Intermediate+ Word of the Day: bucket

bucket (noun, verb) /ˈbʌkɪt/ LISTEN

A bucket is a round container with a flat bottom, an open top, and a handle, usually used for carrying liquids or other things. Anything with that shape can also be called a bucket, as well as the amount held by one. Informally, usually in the plural, large amounts of something (usually rain or tears) can be referred to as buckets. As a verb, often followed by out or up to bucket means ‘to carry or transfer in a bucket,’ although this sense is now rare, and, informally, usually followed by along, it means to ‘hurry,’ especially ‘to drive or to move really fast.’ In British English, often followed by down, to bucket means “to rain very heavily.”

Example sentences

  • The milkmaid put a bucket beneath the cow and began to milk it.
  • The mechanical digger has a long arm with a bucket on the end that scoops up the earth.
  • We drew a bucket of water from the well.
  • Ben cried buckets when his girlfriend broke up with him.
  • My father was bucketing water up from the well.
  • The car was bucketing along the road.
  • Well, we can't go on that picnic; it's bucketing down!

Words often used with bucket

kick the bucket: die. Example: “Did you hear about the old guy down the road? Apparently he kicked the bucket last night.” It is thought this saying comes from an unrelated meaning of bucket, as a beam that things, often slaughtered animals, were hung from.

bucket list: related to the meaning above, this is a list of things someone wants to do before they die. Example: “When my aunt was diagnosed with cancer, she made a bucket list and tried to do as many things as she could before she got too sick.”

a drop in the bucket (mainly US): something insignificant, too small to make any difference. Example: “We’re thousands of dollars in debt; an extra $20 is just a drop in the bucket.” While people in the UK would understand “a drop in the bucket,” a more common way of saying this is there is “a drop in the ocean.”

bucket seat: a seat in a car or plane that is contoured and designed for just one person, rather than a long bench seat. Example: “The SUV has bucket seats in the front row and a bench seat in the back.”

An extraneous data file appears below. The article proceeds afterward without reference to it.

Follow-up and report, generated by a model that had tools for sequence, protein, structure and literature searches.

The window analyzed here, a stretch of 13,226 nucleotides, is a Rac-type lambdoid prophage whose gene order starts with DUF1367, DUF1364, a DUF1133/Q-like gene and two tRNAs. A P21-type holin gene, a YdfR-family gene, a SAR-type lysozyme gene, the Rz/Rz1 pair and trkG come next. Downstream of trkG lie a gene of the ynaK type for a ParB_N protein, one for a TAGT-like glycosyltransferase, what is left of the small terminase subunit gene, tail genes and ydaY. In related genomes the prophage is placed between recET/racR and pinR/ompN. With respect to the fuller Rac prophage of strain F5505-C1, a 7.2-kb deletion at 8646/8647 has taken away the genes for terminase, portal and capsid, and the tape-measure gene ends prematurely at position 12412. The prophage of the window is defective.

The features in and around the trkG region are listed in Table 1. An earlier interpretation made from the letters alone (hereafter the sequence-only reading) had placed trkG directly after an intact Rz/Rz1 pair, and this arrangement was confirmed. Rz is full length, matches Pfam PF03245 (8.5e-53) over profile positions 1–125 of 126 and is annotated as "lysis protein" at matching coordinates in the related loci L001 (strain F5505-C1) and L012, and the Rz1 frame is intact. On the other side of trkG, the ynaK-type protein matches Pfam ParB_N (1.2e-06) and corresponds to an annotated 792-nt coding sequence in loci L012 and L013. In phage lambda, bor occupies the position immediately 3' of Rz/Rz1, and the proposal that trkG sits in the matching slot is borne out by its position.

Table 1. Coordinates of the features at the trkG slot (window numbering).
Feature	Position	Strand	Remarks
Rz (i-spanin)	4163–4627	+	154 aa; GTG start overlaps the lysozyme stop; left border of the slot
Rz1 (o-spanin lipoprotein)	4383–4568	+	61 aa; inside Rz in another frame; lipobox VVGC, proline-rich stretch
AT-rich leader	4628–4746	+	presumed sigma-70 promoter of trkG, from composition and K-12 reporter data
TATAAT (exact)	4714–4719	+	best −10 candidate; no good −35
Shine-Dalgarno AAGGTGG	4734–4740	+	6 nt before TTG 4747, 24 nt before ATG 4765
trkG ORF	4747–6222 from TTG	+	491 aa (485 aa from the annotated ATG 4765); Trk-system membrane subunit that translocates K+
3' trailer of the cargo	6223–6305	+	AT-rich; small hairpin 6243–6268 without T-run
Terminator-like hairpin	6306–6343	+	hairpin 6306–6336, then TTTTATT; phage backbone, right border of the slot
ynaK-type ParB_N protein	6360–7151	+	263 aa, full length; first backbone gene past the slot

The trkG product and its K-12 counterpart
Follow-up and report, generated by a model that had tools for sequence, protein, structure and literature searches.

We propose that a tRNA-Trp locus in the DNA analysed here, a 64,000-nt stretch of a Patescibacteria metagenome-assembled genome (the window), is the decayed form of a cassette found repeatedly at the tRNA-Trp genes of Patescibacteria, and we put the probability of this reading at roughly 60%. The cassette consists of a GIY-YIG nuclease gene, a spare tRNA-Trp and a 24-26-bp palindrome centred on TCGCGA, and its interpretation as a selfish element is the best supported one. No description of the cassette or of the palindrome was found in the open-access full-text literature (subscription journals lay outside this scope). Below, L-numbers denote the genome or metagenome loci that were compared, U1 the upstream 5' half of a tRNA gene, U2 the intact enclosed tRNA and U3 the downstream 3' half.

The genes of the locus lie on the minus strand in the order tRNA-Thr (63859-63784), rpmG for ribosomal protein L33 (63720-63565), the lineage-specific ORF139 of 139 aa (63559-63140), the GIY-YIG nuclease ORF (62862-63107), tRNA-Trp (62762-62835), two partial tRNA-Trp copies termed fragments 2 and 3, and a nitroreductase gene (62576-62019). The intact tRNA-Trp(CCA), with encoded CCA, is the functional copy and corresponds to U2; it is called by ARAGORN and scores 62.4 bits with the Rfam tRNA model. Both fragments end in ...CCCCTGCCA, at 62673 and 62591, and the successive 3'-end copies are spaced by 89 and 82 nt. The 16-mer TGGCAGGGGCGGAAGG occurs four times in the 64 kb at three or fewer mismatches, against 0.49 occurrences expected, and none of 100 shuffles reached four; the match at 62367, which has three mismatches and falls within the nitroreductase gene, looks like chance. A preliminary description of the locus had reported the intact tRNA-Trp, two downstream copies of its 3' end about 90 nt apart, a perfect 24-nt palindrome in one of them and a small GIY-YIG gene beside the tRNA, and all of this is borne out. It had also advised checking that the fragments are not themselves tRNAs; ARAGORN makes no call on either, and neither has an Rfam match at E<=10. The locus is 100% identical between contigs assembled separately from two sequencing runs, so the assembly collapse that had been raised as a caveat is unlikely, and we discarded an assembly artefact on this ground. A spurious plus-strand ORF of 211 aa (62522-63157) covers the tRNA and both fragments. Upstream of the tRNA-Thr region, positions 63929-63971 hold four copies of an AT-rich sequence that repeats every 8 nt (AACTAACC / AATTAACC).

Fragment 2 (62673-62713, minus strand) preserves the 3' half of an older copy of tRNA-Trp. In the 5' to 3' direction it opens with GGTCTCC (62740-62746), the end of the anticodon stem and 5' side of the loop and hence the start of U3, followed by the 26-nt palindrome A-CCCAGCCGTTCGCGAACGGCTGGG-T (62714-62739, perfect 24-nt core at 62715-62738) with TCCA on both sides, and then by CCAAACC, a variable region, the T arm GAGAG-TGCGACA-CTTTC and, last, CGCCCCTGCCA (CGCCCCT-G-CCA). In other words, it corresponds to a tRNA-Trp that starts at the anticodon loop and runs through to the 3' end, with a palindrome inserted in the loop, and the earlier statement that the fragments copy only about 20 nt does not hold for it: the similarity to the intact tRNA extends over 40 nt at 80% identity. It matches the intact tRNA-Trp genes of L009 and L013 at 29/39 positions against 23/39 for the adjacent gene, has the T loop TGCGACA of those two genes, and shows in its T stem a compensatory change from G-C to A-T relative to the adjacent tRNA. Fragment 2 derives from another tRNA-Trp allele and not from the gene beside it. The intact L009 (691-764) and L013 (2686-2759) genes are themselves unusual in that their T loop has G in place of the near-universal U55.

bucket and spade (UK)/shovel (US): a toy bucket and spade, for children to make sandcastles at the beach. Example: “The children were using their buckets and spades to make splendid sandcastles down near the water’s edge.”

In pop culture

A popular online craze in 2014 was the ALS Ice Bucket Challenge, which saw people having a bucket of iced water poured over their heads. That might seem rather strange, but they were doing it for a good cause, which was to raise money (and awareness) for ALS or amyotrophic lateral sclerosis, also known as motor neurone disease. Here you can see a video of celebrities taking part in the challenge:

Additional information

There is an old children’s song called “There’s a Hole in My Bucket.” You can listen to it here:

Did you know?

You might not readily see a connection between politics and buckets, but the world of British politics can be rather strange. Although most elected Members of Parliament come from one of the major political parties in the UK, that doesn’t stop independent candidates from challenging them, and some of those independent candidates are a little eccentric. One who attracted international attention in a UK General Election was a man who stood against the British Prime Minister, Theresa May, in her constituency seat of Maidenhead. The gentleman in question calls himself Lord Buckethead and was, indeed, wearing a bucket on his head, as you can see in this picture tweeted by UK newspaper, The Guardian:  (for anyone who is unsure, the woman in orange, standing next to Lord Buckethead, is Theresa May).


Bucket dates back to the mid-13th century. Some linguists believe that the Middle English noun buket was formed by merging the Old English word bucc (a variant of the noun būc, which meant ‘vessel’ or ‘belly’) and the Old French diminutive suffix -et. Others point to the Anglo-French buquet (bucket or pail), from the Old French buquet as signs that the term evolved in French and then came into English (in this case, the ‘buck’ part came from a Frankish or other Germanic source). In either case, the root of the word can be traced back to the West Germanic buh-, possibly a variation of the Proto-Indo-European beu- or bheu-, meaning ‘to grow or swell.’ It is related to the Dutch buik, the Old High German buh and the German Bauch, all meaning ‘belly.’ The verb comes from the noun, and first appeared in the late 16th century. The expression kick the bucket dates back to the late 18th century, but its origin is unclear. It may have come from an unrelated meaning of the Old French buquet (the beam slaughtered animals were hung on), or from the idea of committing suicide by hanging while standing on a bucket. A third option is from Norfolk dialect, where bucket man also mean ‘pulley.’

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